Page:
But it’s a study way back in 1999 that actually offers a possible explanation for these counterintuitive findings: “the antigenic distance hypothesis.” That is, the more different a particular vaccine’s strains are from the previous year, the more effective the vaccine is likely to be (assuming the vaccine strains match the circulating strains that year). But vaccine strains that are more similar to the previous year’s vaccine strains — such as last year’s H3N2 A strain, identical to the strain in the 2013-2014 season’s vaccine — may end up less effective, and we did see very low effectiveness last year because of the H3N2 strain.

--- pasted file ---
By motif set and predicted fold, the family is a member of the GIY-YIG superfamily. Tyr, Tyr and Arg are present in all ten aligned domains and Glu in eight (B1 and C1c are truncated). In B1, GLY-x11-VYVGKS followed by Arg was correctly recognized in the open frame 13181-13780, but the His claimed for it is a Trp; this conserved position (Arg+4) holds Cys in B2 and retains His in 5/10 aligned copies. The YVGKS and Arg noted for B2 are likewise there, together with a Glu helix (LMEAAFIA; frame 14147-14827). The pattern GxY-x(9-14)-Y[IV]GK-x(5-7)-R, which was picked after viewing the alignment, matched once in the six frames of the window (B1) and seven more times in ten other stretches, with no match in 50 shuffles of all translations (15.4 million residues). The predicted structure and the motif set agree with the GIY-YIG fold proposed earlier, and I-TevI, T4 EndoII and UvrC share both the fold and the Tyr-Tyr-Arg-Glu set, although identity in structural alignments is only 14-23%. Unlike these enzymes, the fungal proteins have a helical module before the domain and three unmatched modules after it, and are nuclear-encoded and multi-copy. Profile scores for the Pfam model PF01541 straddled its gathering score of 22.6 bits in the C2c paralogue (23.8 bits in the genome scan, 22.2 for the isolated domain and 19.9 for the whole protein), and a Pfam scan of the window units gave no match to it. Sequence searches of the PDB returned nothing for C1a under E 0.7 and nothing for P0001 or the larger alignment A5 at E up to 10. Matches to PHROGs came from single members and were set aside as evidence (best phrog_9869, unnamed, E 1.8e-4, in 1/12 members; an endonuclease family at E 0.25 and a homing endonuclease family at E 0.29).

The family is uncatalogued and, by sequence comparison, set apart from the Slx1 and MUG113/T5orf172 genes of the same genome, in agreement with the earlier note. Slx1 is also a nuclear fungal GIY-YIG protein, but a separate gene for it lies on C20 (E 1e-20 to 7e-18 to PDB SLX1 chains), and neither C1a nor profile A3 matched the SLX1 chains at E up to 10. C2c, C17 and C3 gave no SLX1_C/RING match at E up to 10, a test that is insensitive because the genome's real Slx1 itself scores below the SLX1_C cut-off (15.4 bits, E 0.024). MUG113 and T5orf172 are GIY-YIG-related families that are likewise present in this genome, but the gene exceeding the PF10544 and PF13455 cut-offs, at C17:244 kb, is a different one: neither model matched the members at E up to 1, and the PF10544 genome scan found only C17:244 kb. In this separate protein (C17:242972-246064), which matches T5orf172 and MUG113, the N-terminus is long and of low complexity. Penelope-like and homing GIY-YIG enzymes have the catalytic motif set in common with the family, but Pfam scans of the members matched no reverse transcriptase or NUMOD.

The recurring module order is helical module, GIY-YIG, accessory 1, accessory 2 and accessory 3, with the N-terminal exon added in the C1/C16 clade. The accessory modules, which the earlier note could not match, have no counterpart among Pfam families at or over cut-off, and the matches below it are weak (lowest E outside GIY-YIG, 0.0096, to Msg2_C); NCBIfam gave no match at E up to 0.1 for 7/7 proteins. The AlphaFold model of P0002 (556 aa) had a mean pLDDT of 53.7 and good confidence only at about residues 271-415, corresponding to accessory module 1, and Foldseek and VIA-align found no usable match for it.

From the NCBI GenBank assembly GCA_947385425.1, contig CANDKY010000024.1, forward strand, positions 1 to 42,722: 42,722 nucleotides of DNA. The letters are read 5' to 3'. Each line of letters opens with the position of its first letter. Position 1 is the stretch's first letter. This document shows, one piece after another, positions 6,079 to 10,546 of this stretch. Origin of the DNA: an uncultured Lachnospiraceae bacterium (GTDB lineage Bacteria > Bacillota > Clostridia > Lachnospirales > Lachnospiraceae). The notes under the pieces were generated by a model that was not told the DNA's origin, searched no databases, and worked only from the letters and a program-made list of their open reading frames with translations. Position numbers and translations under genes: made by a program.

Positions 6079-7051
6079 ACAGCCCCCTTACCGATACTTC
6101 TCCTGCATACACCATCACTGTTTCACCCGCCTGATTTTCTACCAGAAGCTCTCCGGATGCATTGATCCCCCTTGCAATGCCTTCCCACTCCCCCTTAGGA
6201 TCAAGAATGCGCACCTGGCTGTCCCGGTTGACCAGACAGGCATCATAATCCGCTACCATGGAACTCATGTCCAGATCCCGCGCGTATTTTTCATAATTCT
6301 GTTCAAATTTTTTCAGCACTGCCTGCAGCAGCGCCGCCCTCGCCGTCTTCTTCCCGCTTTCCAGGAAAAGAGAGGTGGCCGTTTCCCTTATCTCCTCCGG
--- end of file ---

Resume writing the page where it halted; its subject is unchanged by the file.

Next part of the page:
Deep partisan divides among the politically engaged. When it comes to the role of government in specific areas, already-wide partisan gaps grow even wider among politically engaged adults, particularly over government’s role in health care, poverty assistance, education, environmental protection and the economy. For example, fully 90% of politically engaged Democrats say the government should have a major role in ensuring access to health care; just 21% of politically engaged Republicans agree. Among less-engaged Democrats and Republicans the differences are not as dramatic (79% of Democrats vs. 47% of Republicans).